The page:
Tag: home organising

Adopting the living organism as a metaphor for a balanced lifestyle leads us to seek a natural harmony or equilibrium, so that a balanced environment becomes a space in which we can safely and comfortably dwell.

Dwelling in Balance

The various metaphors we might choose to represent balance and imbalance offer different perspectives on how we might achieve that illusive balance in life. The balance of the tightrope walker captures the experience of navigating our way forward through through time on a tight schedule. However the equilibrium of the living organism offers a richer perspective in relation to balancing objects within a space, or our lives within a living environment. This allows us to look beyond the physical stability of a single object and consider the balance of all of the interrelated components within a living system in the same way that you might think of a living cell, or the human body.

This broader view of balance offers a more complex scenario where the organism attempts to maintain equilibrium or homeostasis in the face of constantly changing conditions. Balance in this context is an attempt to maintain the overall stability of a wide range of factors in the face of constant change for the purpose of supporting life. Balance takes place across the whole system of interrelated parts, and while different aspects can be viewed independently, they dont exist in isolation. Unlike a single pointed balance, the balance of a complex system has an inbuilt ability to adapt and adjust, which means a wider range of conditions can be accommodated.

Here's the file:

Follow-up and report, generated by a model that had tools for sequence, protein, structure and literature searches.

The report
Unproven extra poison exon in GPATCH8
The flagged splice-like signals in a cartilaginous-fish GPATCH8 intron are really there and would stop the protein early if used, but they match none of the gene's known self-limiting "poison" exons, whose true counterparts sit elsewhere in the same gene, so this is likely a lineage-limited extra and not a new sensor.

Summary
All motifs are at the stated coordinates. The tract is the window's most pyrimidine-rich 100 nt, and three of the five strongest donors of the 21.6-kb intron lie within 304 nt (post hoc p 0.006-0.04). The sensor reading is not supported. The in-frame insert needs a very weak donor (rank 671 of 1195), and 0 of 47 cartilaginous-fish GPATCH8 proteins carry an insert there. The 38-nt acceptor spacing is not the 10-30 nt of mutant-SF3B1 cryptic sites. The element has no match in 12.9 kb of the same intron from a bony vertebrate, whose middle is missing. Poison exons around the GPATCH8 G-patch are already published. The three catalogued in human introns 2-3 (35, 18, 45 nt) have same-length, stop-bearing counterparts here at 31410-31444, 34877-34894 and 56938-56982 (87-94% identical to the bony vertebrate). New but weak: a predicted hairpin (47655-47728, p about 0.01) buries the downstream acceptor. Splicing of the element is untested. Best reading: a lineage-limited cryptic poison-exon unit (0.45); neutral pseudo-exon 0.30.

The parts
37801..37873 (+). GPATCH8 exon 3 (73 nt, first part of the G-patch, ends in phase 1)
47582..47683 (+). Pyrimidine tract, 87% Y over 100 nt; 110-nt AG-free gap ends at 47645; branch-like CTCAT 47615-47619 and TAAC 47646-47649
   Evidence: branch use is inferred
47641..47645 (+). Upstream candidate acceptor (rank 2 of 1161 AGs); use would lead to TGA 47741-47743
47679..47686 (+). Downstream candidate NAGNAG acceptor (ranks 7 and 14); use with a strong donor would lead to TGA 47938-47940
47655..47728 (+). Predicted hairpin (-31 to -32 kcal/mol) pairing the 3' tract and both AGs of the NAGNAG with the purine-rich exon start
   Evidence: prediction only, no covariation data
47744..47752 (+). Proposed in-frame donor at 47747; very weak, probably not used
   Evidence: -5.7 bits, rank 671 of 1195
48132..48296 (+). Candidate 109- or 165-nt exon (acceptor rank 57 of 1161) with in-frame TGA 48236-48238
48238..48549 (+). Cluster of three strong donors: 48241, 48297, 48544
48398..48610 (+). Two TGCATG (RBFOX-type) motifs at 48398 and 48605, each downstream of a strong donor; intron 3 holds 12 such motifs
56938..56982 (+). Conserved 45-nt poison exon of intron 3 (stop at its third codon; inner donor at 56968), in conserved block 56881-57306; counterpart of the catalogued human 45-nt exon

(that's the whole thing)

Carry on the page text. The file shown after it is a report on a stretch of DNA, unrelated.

Quote form Dwelling in Balance Blog PostThis model of balance drawn from the natural world includes the concept of boundaries or membranes. The organism has a defined boundary or wall, like the cell wall or the outline of the human body, but it is permeable, allowing flows inwards and outwards. It also has internal structures and flows within the main boundary, like the organs and blood vessels within the body. These living systems depend on a healthy flow in, around and out, to survive. Some inflowing substances are life giving, others are toxic. Depending on what you take in, a little bit might cure you, but a lot might kill you. In the meantime the system strives to maintain balance across numerous variables.

There is enormous diversity in the natural world, and a wide variety of ways in which the challenges of life – such as finding food, shelter, successful reproduction and child rearing – are satisfied. What each organism has in common is the need to satisfy these challenges in a way that retains the basic integrity of their particular way of functioning.